Anonymous asked: "I’ve gotten many questions from larger breasted folks wanting to know how to deal with their breasts in button-up situations, particularly around wearing men’s shirts.
"For example: I love button down shirts and polos, but I have a big chest and find it hard to pull off the outfits I put together because the buttons in the chest area are stressed or I look big around the middle from my chest creating a drape look with the shirt. I’d buy a binder, but they are a bit out of my price range. Any suggestions?”
I decided to consult with Eric Powell from Ratio Clothing about this issue. Ratio Clothing is a handcrafted men’s shirt company located in Denver, Colorado who made me a shirt a few months ago. Eric said that everyone needs a good tailor because “Few of us are blessed with perfect sample size proportions.” He recommended Yelp reviews or menswear forums for some good reviews for tailors in your city.
He says, “It sounds like the problem the reader is having is the same one that some athletic men have — getting a shirt to fit in the upper body (muscular pecs for men, breasts for women) can cause the lower portion of the shirt to be baggy. Made-to-measure solves that, of course, but bringing in the lower sides a bit on the shirt will allow it to fit while still maintaining the ‘look’ of the shirt.’” For larger breasted folks he suggests “sizing up a bit so that you get a good fit through the chest, and then have the tailor bring in sides of the shirt so that you end up with a better sideseam shape. In most cases, you’ll probably be looking at between $10-$20 per shirt.”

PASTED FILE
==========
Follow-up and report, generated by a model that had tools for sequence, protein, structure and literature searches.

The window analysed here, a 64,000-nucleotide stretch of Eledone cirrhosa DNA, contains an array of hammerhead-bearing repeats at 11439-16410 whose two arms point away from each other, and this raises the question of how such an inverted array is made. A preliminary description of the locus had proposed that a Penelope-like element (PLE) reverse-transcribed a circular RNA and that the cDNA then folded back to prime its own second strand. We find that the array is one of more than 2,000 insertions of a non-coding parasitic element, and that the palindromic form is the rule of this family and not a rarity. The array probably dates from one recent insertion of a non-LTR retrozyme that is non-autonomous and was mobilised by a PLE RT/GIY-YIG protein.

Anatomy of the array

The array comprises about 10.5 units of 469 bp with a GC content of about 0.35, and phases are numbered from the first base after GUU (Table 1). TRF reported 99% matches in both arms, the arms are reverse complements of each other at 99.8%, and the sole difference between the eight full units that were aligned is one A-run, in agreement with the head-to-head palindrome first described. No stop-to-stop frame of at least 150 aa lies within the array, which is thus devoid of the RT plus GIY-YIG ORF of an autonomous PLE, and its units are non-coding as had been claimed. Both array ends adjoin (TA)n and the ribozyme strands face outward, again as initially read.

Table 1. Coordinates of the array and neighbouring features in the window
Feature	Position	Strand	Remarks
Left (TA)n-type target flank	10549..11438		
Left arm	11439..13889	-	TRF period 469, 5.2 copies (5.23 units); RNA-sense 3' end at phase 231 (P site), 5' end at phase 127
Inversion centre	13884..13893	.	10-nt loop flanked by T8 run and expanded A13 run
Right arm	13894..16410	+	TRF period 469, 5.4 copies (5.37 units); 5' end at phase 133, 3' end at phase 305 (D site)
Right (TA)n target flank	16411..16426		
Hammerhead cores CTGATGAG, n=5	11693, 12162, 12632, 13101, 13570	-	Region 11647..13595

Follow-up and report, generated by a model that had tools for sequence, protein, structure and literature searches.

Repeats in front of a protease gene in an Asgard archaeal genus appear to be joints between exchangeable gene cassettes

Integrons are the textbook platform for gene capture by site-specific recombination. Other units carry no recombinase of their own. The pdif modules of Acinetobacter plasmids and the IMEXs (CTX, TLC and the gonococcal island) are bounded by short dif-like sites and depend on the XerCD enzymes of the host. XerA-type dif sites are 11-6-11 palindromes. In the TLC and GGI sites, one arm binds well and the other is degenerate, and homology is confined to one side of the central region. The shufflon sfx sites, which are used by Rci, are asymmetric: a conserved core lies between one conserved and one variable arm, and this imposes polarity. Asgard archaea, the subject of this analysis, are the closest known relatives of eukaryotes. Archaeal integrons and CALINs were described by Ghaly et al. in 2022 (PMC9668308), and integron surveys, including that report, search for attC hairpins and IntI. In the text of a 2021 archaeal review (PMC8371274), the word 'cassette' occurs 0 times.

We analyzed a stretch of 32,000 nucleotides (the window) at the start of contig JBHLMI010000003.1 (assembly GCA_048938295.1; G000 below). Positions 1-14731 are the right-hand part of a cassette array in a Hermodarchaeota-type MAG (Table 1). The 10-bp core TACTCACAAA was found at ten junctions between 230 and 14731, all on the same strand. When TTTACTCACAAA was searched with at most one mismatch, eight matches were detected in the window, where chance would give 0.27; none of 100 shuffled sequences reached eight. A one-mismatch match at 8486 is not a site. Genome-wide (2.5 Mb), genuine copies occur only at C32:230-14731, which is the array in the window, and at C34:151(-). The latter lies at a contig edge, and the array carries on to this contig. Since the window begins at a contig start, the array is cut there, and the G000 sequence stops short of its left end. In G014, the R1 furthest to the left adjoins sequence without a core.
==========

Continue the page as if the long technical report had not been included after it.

I think this brings hope to all of us looking to wear men’s button-ups and keep our breasts at bay.
Check out the tailoring tag for more info.
As Qwear's Founding Editor, Sonny’s work centers around envisioning a future in which the clothing people wear does not dictate their chances of survival. Sonny was awarded 2015 dapperQ of the Year and was the first trans blogger to be sponsored by Topman. In March 2016, Sonny spoke at South by South West's first official queer fashion panel.